"We are such stuff as dreams are made on." Shakespeare, The Tempest

Sunday, October 7, 2018

The Post

In Spielberg’s The Post (2017), the fateful decision to publish portions of the Pentagon Papers centers on Katharine Graham’s being willing to rebuff her newspaper’s lawyers, who represent the company’s financial interests, in favor of Ben Bradlee’s argument that free speech of the press as a check on government in a viable democracy—the company’s mission—is of overriding importance. As important as this critical decision was historically, I submit that the film allots too much attention to the decision and even the relationship between Graham and Bradlee at the expense of other deserving matters.

The film gives scant attention to Daniel Ellsberg, the former Marine and military analyst who “brought the Pentagon Papers to The Times, and later to The Post, motivated by an all-American notion that the nation’s citizen’s had the right to know more about what was going on half a world away in a war financed by their tax dollars and fought by so many of their children.”[1] The script does not include, for example, his statement, “Taking an oath as a public servant does not mean keeping secrets or obeying the president—it’s respecting the Constitution.”[2] The viewer sees little if any of the internal struggle that must have led to his conclusion.
Secondly, that Ellsberg first brought portions of the Pentagon’s study to The New York Times is shown in the film mainly through Ben Bradlee’s competitive disappointment rather than showing more of what was going on at The Times. In fact, whereas Bradlee and Graham could look to The Times as a precedent, Arthur O. Sulzberger, publisher of The Times, had no forerunner and thus “took on far more risk,” James Goodale, the paper’s in-house counsel at the time, has written.[3] “It’s as though Hollywood had made a movie about the Times’s triumphant role in Watergate,” he added.[4] Neil Sheehan, the lead reporter on the story, has said in retirement that Sulzberger “was absolutely heroic in publishing the Pentagon Papers. . . . He was all alone in making his decision.”[5]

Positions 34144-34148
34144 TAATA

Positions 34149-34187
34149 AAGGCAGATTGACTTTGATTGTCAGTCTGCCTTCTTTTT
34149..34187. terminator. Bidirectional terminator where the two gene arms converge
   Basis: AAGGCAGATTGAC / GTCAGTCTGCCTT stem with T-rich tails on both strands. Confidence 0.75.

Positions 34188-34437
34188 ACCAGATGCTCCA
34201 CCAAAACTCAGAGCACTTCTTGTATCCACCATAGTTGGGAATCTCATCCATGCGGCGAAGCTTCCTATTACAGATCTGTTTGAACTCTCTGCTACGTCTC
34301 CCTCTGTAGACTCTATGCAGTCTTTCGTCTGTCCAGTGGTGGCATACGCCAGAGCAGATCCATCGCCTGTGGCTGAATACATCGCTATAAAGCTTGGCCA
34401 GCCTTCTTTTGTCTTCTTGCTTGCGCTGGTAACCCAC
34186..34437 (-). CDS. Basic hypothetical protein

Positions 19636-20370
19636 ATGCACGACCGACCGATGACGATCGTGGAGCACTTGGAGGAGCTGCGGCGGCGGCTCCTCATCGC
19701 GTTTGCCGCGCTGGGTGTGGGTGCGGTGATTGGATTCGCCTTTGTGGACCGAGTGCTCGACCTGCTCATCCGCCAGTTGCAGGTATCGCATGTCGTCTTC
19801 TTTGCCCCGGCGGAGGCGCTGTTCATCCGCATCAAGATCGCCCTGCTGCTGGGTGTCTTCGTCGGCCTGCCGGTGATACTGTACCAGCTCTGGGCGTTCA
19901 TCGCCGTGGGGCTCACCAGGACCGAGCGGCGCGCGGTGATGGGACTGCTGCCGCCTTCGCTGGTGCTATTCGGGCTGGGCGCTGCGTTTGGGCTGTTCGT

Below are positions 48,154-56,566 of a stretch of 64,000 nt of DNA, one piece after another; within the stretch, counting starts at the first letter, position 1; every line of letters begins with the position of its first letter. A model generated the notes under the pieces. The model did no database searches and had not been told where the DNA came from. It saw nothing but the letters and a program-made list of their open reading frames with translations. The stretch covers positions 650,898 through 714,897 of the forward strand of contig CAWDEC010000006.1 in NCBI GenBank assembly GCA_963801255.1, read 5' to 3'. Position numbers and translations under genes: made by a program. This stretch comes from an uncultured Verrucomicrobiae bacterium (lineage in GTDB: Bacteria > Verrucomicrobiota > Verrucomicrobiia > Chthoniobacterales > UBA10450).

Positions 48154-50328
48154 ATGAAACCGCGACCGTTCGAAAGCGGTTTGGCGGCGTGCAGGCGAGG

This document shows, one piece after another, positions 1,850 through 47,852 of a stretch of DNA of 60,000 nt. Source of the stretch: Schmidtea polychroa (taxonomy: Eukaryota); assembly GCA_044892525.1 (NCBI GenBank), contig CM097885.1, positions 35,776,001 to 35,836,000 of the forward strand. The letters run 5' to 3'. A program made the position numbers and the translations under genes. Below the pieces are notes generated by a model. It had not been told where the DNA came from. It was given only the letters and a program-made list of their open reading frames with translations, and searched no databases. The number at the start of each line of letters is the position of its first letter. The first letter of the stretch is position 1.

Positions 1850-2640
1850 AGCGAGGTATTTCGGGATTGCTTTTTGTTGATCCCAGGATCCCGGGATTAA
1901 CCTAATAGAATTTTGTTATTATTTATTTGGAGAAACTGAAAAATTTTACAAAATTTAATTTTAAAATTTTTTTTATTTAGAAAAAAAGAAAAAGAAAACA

Thirdly, and most importantly, although the film gives viewers the “important lesson . . . that, in both cases, family-led newspapers placed their journalistic missions ahead of business imperatives. And they did so under intense governmental pressure,” scant attention is allotted to the contents of the articles themselves.[6] Little is revealed other than that administrations going back to Truman’s lied to the American people regarding American involvement and prospects in Vietnam. The film highlights the lying by showing Nixon’s Secretary of State blatantly lie to the press on his view of the prospects for winning the war. The viewer is left with the image of a misled public that is nonetheless supposed to hold its government accountable. Even so, the film does not convey much of what the Pentagon study found. The scattered, cryptic references made at Bradlee’s house are not sufficient, given the potential for informing the viewers, and thus a sizable portion of the American people, on just how bad the lies were by spelling them out.
The medium of film, as well as its popular situs in modern society, can handle making “deep” philosophical issues transparent. In the case of The Post, the increasing power of the American presidency, referred to academically as the imperial presidency, could have received attention, as could have the particular cover-ups by Truman, Eisenhower, Kennedy, Johnson, and Nixon—each lie specified rather than glided over. It was not just Richard Nixon, who can be easily relegated as the crook who occupied the White House for a term and a half. That several presidents successively lied points to something systemic getting in the way of democratic accountability in the U.S. Besides the growing power of the presidency since World War II, the ease by which administrations can insulate themselves from the public, rather than being accountable to it, would have come through more in the film.
In short, more substance on the main character, the Pentagon Papers, as well as the initial roles of Ellsberg and The New York Times, could have come in by not giving so much screen time to the Bradlee-Graham relationship and even the competing interests within The Washington Post. The result would have been more of a multi-level film.  

[1] Jim Rutenberg, “Spielberg’s ‘The Post’ Provides Fitting End to Turbulent Year for the Media,” The New York Times, December 24, 2017.
[2] Ibid.
[3] Ibid.
[4] Ibid.
[5] Ibid.
[6] Ibid.